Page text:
Her allegations of race discrimination are rooted in her assertion that she was demoted so another employee could take her place. She originally received a lot of praise from her employers as she was the only bilingual employee in the office; speaking both English and Korean. This changed when a Korean national with stronger language abilities was employed and she was given the lower admin role.

“I know he was glad to utilise me when I was the only bi-lingual person but when a better speaking Korean employee came along, I was not his preferred choice. I am also not considered ‘pure’ as my father is English.”

Mrs McDonald claims she did not bow to Mr Yoo because she wanted to avoid him and thus stop further harassment. The alleged discrimination eventually led Mrs McDonald to take leave from work due to stress.

She informed her managing director Mr Chong Park about what had happened, but a private investigation into the the matter did not find grounds to support her grievance. The mediator employed for the investigation stated there was “no reason to favour one account over another” since Mr Yoo denies all the allegations, claiming he was taken by surprise at the claims: “Mrs McDonald never complained about being called into my office whilst at work until she lodged her grievance.”

Mr Yoo also rejects any responsibility for sexist or racist behaviour. In regards to Mrs McDonald’s claim of discrimination for refusing to bow he said the following:

“Bowing is considered a custom in Korea but nobody in our UK office is required to bow. Some of our Korean staff choose to bow but as I say nobody must bow, it is entirely voluntary.”

Speaking at tribunal the company’s Managing Director, Mr Park, also denied that employees were expected to bow to their manager. However, he did claim that he initially had some concern at Mr Yoo’s conduct when the chief financial officer first came from South Korea to Berkshire to begin a four-year contract in 2015, stating that he wondered “is he normal or is he mental?” Such a reaction from Mr Park suggests there was either a degree of culture clash occurring, or that Mr Yoo’s conduct in the workplace has been at least been unconventional at times.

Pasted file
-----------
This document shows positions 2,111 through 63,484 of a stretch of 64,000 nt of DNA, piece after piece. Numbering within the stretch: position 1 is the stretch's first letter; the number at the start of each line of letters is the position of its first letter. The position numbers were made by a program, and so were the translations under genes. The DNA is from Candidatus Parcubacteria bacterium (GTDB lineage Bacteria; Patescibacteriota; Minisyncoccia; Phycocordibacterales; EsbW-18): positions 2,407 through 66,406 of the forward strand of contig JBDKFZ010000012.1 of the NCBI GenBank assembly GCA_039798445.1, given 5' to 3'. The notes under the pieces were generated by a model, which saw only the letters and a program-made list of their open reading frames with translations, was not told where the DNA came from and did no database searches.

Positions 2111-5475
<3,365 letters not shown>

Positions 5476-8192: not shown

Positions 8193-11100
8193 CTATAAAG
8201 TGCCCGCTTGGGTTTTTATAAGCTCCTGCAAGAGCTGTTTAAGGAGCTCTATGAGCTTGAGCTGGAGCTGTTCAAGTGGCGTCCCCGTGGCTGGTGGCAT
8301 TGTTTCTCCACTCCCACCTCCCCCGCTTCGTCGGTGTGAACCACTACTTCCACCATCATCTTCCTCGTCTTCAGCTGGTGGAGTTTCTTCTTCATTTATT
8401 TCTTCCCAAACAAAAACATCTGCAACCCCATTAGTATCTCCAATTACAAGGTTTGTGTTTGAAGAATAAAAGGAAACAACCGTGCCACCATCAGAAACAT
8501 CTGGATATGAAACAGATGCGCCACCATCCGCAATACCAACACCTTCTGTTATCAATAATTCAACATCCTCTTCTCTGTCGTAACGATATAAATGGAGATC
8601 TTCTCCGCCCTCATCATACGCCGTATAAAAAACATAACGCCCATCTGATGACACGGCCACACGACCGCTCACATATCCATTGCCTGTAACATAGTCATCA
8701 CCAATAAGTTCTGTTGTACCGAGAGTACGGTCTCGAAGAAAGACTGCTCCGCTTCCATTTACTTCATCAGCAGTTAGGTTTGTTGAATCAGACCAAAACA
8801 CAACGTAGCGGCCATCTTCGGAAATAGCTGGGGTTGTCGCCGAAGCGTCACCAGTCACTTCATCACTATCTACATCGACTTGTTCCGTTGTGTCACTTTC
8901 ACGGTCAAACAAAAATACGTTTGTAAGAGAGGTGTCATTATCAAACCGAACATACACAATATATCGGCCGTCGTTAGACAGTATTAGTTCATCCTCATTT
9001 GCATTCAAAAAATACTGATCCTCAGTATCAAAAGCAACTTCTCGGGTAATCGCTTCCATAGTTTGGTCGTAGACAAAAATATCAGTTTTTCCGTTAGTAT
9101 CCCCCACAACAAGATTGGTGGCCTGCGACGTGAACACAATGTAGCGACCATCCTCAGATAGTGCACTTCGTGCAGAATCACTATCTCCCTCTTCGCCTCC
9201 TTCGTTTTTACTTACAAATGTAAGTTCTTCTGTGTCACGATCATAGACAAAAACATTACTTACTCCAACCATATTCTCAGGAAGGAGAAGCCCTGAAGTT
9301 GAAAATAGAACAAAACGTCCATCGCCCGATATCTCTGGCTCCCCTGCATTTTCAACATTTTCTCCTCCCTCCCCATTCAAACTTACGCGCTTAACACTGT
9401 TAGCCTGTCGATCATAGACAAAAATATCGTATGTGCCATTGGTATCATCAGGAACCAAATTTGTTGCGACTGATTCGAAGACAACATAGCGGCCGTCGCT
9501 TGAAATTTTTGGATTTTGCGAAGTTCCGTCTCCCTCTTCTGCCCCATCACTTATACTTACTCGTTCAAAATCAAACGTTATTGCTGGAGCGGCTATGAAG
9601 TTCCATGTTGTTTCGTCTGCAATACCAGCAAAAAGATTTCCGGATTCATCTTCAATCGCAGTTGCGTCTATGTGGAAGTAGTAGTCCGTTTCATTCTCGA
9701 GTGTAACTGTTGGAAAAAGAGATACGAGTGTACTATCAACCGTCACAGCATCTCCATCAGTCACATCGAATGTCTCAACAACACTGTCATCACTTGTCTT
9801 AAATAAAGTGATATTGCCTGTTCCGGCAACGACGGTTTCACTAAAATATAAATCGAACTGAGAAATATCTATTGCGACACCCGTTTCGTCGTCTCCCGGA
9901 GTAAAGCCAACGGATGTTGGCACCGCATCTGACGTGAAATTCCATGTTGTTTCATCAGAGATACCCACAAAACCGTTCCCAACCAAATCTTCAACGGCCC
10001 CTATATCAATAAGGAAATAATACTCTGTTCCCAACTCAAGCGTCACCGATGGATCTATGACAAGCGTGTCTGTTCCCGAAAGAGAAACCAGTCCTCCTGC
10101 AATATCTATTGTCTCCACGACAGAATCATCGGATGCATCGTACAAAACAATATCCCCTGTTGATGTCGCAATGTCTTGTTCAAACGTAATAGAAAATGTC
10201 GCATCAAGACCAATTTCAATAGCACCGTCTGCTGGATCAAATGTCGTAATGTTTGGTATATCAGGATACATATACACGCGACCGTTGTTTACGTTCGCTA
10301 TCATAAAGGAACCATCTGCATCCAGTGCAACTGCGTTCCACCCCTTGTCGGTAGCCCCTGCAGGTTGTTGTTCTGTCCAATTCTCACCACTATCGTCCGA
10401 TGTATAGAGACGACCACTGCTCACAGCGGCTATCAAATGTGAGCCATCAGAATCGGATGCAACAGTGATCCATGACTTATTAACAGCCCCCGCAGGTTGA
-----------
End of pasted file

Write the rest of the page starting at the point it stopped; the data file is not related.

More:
As branch director, Mr Park confirmed his support for Mr Yoo’s decision to implement a change of role for Mrs McDonald, claiming the alteration was largely in job title only and was due to a need to prevent redundancy across the office: “Mr Yoo designed the presentation which included the job chart to show the CEO and HQ that we had met their request. Nobody’s job role actually changed at that stage.”

Mr Yoo denies that Mrs McDonald was regularly given duties beneath her position, and says that his request for coffee was due to her past actions suggesting she would not object to it:

“When initially Mrs McDonald joined our company, every morning she brought me a cup of coffee or tea, every single morning. […] It was quite strange to me […] however, I just accepted it”.

He claims her generous attitude convinced him she would be comfortable performing a similar action for others and that he reluctantly requested this: “I asked her to make some coffee for my guests, I was really sorry for asking that of her at the time.”

The tribunal continues.